by Sarah Michaelis Tuesday October 2, 2007

Since I’ve spent the better part of the last decade interviewing parenting experts, I consider myself well-honed in the area of child rearing.

Of course if you told my daughter that she’d guffaw. “Her? Yah right!”

You see, the thing is, the parenting gurus will calmly tell you what to do for any given situation in their breathless, airy way that makes you think of clean laundry, sunny days and chocolate chip cookies. You just KNOW that their kids say "please" and "thank you" and there’s no dust build-up or baskets of unfolded laundry in their homes. They exude confidence and they make parenting sound easy, effortless—the stuff of common sense.

Talking to them can make you feel inspired, fresh-faced and determined to keep it together no matter the circumstances. You will respond calmly and rationally in all situations, dispensing sage advice as you proudly guide your progeny to adulthood.

Then reality smacks you in the face with the force of a drunken bull moose. Before you can utter your words of wisdom, your progeny, high on sugar, smears lipstick on your white couch and has forced the cat into a semi-catatonic state after being dragged around the house on a leash and forced to marry the gerbil.

With the words of the guru still ringing in your head, you smile gently, get your child to help clean up the mess and slip the cat a Prozac. You can handle this; you’re a good parent.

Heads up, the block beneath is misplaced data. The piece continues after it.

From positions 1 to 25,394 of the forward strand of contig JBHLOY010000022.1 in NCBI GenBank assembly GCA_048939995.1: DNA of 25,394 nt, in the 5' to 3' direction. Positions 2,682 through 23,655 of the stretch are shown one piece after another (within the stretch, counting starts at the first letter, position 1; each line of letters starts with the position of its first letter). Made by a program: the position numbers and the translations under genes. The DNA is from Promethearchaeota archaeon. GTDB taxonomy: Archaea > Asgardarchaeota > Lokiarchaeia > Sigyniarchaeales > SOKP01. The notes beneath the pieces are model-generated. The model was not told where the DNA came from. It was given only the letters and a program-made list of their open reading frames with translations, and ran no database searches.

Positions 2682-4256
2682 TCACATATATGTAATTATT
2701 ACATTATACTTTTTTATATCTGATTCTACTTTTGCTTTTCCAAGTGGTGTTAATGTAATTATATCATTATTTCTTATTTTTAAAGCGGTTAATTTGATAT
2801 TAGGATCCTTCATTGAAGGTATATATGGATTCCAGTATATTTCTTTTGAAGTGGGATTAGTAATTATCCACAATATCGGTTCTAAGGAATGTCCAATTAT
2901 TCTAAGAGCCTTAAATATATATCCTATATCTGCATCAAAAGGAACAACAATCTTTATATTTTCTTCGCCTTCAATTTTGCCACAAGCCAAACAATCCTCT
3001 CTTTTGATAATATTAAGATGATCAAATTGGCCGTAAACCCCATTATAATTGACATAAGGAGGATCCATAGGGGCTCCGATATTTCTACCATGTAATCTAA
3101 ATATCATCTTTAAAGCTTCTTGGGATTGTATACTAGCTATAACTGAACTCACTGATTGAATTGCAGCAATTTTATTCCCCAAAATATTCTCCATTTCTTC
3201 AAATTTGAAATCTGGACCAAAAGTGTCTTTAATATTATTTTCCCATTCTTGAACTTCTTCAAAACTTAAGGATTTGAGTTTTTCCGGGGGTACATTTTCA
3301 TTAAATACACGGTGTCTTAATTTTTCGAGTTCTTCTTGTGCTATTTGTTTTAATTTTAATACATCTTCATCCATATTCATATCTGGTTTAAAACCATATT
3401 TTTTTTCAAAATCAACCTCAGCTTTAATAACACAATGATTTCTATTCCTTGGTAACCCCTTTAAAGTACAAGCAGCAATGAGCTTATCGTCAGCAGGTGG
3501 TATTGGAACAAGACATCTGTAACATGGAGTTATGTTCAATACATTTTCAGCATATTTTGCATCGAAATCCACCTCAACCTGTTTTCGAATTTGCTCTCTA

Then your child grows older. Gone are the quaint antics of a toddler and silly pranks of childhood. As adolescence approaches, your progeny, on occasion, morphs into a seething beast out for parental blood. Then they’ll ask you to braid their hair.

The gurus never mentioned this. Two words can get you a “you SO don’t know anything, do you mom?” or an eye roll. Sometimes you get an eye roll with a sigh which is code for “you are such a loser.” The sage advice rolls off the beast’s back as it stomps upstairs and slams the door.

What the gurus fail to say is, by the time your kids reach grade five, they’ve had a good ten years to watch you and figure out what makes you tick. They know exactly what to do to drive you completely up the wall because they know you better than you know yourself. You can start to feel like the puppet of a twisted puppet master.

Parenting isn’t easy. It isn’t common sense at all. It would be easier to figure out quantum physics than it is to figure out my child sometimes.

But occasionally, I catch a glimmer of the child of the past and the adult to come. Something behind the eyes when their guard is down tells me that I’m doing okay. Some of that advice has cracked the veneer and I know underneath, maybe due in part to the gurus, there’s a good person. And that’s what we all want in the end.